Graffiti on the rocks was the game some three or four thousand years ago. We are talking about petroglyphs.
Petroglyphs such as round motifs: circle with a cross inside (Celtic cross), circles with a dot in the center, circles with a small concentric circle inside, circles with a line showing the center or the spiral showing its center are very common on the Atlantic side of Europe and exclusively of the seashore lands. They are most important for its number and similarity in Galiza and Éire, but they are found from Brittany until Scotland. Another such typical seaboard Petrography are arms designs. They are too found in the Atlantic Europe area, in the presently known as Celtic Lands. Because they are difficult to date, for obvious reasons, we can assert a certain date, but they are old enough to put all b.C. and many centuries before. We can also find some exclusive type of bronze axes for Galiza and Éire, along with lots of archeological similarities between both countries.
The point is that there is not other explanation than the people around the Celtic sea, this triangle extending from the Galician Fisterra to the Breizh Finistère to the Kernow Lands End and to South Éire, have had contacts by sea in pre-historic times.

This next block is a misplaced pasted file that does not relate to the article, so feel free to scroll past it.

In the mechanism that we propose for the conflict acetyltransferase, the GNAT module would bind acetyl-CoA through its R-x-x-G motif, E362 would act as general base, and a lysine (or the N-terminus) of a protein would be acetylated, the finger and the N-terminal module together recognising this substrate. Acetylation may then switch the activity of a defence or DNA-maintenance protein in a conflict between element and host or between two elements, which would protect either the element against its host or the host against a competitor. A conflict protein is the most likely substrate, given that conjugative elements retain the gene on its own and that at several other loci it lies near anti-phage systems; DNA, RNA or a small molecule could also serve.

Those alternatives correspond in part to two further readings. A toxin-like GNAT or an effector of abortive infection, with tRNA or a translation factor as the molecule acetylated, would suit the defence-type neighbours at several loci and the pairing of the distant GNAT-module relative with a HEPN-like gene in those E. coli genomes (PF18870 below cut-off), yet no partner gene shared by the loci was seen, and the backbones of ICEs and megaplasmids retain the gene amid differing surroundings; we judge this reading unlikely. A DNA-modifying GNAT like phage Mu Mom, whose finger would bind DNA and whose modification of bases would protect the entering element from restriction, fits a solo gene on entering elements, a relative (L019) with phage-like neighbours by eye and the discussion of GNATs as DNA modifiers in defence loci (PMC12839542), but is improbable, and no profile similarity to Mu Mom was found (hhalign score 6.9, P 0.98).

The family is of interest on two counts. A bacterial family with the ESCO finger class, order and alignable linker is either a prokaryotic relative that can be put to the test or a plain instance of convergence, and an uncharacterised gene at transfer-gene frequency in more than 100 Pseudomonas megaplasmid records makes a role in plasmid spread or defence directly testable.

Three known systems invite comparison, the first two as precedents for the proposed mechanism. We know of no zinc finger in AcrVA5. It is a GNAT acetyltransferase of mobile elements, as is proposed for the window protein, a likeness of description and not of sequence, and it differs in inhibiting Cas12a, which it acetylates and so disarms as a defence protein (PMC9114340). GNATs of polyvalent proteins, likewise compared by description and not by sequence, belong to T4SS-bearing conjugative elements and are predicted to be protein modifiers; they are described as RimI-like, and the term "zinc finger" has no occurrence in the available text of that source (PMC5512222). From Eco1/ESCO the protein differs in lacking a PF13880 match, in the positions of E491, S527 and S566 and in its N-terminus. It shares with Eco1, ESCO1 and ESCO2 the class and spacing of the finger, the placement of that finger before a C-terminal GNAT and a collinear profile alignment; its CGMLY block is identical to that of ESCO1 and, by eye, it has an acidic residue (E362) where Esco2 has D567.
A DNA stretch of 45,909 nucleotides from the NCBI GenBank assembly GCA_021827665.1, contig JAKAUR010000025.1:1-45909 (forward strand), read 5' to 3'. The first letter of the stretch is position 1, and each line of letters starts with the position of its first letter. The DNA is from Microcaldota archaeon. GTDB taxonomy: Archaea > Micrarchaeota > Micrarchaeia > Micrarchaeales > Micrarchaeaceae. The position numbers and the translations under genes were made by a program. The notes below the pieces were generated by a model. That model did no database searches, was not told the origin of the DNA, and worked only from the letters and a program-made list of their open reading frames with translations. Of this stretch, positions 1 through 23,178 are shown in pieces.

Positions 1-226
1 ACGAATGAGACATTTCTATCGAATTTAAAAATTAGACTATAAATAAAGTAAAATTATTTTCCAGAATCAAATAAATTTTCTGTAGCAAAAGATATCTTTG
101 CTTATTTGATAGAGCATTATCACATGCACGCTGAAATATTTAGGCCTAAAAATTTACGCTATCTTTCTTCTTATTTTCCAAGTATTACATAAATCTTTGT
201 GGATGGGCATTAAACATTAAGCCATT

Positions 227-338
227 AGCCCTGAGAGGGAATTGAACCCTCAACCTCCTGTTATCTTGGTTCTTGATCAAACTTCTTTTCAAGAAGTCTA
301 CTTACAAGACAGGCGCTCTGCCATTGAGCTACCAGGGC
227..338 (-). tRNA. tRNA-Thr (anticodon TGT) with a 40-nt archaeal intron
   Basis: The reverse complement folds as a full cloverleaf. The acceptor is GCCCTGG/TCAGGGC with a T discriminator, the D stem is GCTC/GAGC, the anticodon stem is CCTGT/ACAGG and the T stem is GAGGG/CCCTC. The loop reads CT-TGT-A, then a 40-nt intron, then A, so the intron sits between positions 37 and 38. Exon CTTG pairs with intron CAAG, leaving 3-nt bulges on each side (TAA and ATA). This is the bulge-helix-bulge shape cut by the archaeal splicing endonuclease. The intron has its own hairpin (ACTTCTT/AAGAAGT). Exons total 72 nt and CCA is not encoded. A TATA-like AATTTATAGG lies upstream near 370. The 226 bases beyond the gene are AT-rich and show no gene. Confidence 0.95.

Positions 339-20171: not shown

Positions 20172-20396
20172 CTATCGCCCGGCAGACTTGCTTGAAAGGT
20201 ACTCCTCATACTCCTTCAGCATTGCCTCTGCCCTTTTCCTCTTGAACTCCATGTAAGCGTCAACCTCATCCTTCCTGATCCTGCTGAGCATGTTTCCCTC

A sail from Galicia to Brittany could be 2 to 3 days away, from Galiza to Wales 2 to 4 days and from Galiza to Éire can take from 3 to 5 days. And shorter in the all the others cases. If pre-historic people could do such navigation, then more recent, historical people as the Celts, could do it also.
The more traditional way of navigation two thousand years ago could be coastal navigation, for it seems to be the simplest way. It is well know that Mediterranean people as well the Vikings used coastal navigation for they salings. There was another kind of navigation which still is in use today and fits better our purposes: following the predominant winds.
For the area Galicia-Éire, a 480 miles sail or less, both countries are in the same meridian, about 6 degrees west, the navigation could be the easy north-south. The predominant winds are from the west, a reach sail; good weather, anticyclone for the area, the winds are from the NW, a depression in the area the winds are from the SW. To navigate North-South (Éire-Galiza) or South-North (Galiza-Éire) will be the easy way because with the western predominant winds we could have a reach or tree quarters back. Also, not need for a compass, the stars can do it, this is south-north navigation. Galiza and Éire are across the bay.